It is not the first time that the newspapers of this media group have been at the centre of an intense political confrontation and dispute.
From the very start of their publication, due their particularities, their popularity and influence on public opinion, and their connections with prominent personalities of politics, business, and the arts and letters, they became an apple of discord.
Some forget and others may not know, yet the Eleftheron Vima (the direct precursor of To Vima) was founded in 1922 by Dimitris Lambrakis, at the urging of statesman Eleftherios Venizelos and with the support of industrialist Prodromos (Athanasiadis) Bodosakis, in order to contribute to the reconstruction of the country and the nation after the then approaching 1922 defeat in the Asia Minor War and the catastrophe of Smyrna.
There was an attempt then to suspend its publication. Its founders were dragged into the courts and they faced many trials and tribulations.
Later, in 1928, when Venizelos again won the election and the historic leap toward liberal democratic modernisation was attempted, Vima, Nea, and Oikonomikos Tachydromos played a protagonistic role, earned distinction, and were treated reprehensibly by a segment of the political firmament, and there were efforts to slander them.
Later, however, when the darkness of WWII and the Civil War passed – with its democratic tradition, the spirit of conciliation, and the pursuit of the reconstruction and the liberation of post-war Greece, which guided its prominent writers – the group was sought after, like nothing else in the Greek press.
That is essentially how the legend that was and is attached to it was fashioned.
For readers and the majority of citizens, it is a vehicle for the dissemination of knowledge and ideas, a window on the world, a platform of progress and the promotion of worthy Greek efforts.
On the contrary, according to the current conspiratorial narrative, this publishing group is “a dark centre that makes and breaks governments and serves interests”.
Based on that account, for the extreme right it is a red flag. For the left, it is akin to the Czar’s Winter Palace. This is how Mr. Tsipras has dealt with our newspapers, as trophies of his power and as a basis for his quest for legitimisation in the broader democratic bloc.
At first, he sought to negotiate and impose a relationship of subjugation, the only kind that suits him, in accordance to Gramsci’s theory of the “newspaper-party”, which he has adopted.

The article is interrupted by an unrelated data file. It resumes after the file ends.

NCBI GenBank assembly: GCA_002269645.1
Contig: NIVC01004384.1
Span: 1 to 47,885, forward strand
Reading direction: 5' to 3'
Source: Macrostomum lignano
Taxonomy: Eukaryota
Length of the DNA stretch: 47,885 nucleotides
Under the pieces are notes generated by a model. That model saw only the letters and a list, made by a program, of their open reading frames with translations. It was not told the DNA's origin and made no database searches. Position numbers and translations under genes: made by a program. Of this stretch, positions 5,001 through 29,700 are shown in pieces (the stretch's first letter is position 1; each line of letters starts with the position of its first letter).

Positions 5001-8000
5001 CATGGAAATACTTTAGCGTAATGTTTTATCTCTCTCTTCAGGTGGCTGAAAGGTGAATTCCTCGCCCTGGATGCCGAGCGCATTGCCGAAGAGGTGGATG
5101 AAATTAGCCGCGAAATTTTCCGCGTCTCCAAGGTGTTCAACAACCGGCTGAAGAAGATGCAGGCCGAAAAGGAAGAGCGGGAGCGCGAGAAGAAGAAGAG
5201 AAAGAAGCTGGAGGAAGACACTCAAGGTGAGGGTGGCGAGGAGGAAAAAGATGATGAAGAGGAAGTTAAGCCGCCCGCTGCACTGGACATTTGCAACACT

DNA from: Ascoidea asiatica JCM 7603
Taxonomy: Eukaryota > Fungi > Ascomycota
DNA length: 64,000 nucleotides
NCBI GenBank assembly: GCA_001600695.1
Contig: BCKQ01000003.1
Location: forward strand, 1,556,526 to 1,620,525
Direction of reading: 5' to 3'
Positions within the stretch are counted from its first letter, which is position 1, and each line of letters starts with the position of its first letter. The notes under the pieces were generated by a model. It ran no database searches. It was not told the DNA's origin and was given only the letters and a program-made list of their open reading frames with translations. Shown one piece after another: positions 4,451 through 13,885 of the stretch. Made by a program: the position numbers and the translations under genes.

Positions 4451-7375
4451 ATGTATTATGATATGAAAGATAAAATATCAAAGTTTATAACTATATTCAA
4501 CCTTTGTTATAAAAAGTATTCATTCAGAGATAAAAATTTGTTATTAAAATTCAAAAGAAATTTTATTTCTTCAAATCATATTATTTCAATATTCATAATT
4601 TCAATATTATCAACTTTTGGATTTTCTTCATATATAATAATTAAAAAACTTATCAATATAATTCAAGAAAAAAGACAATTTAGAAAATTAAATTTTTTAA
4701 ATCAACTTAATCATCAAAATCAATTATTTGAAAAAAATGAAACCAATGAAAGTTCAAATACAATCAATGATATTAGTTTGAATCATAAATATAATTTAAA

He attempted to do it with the previous publisher, and he tried it again now with Mr. Marinakis. When he realised our new publisher was not inclined to accept a status of control and direction, he declared war.
The PM incorporated the publisher in his political planning, and depicted him as a central political figure, as the leader and guide of the main opposition party, blaming him for all the sins of the world, in order to harm him and cut him down, thus indisputably confirming that his prosecution is political and manufactured.
As much as the prime minister may engages in untrammeled propaganda, our publisher is not a politician. He is a distinguished businessman, with international activity and interests mainly abroad.
All of his activities are based on legality and the strict adherence to principles, rules, and contractual obligations, as dozens of auditing teams constantly sent by Mr. Tsipras’ subordinates have seen.
The publisher’s interest in the media group emanated from his lineage and his love for the country and its history. He was motivated by the necessity of saving the historical newspapers, more than anything else.
That is the reason that the newspapers remained devoted to their principles and ideas and did not shift positions. They present and comment on events as objectively as possible, without prejudice or malevolence, but rather with precision and corroboration of evidence and information.
Scripta manent. It is our words that remain, to prove what we are saying. It is these very words that readers honour. All else is connivance.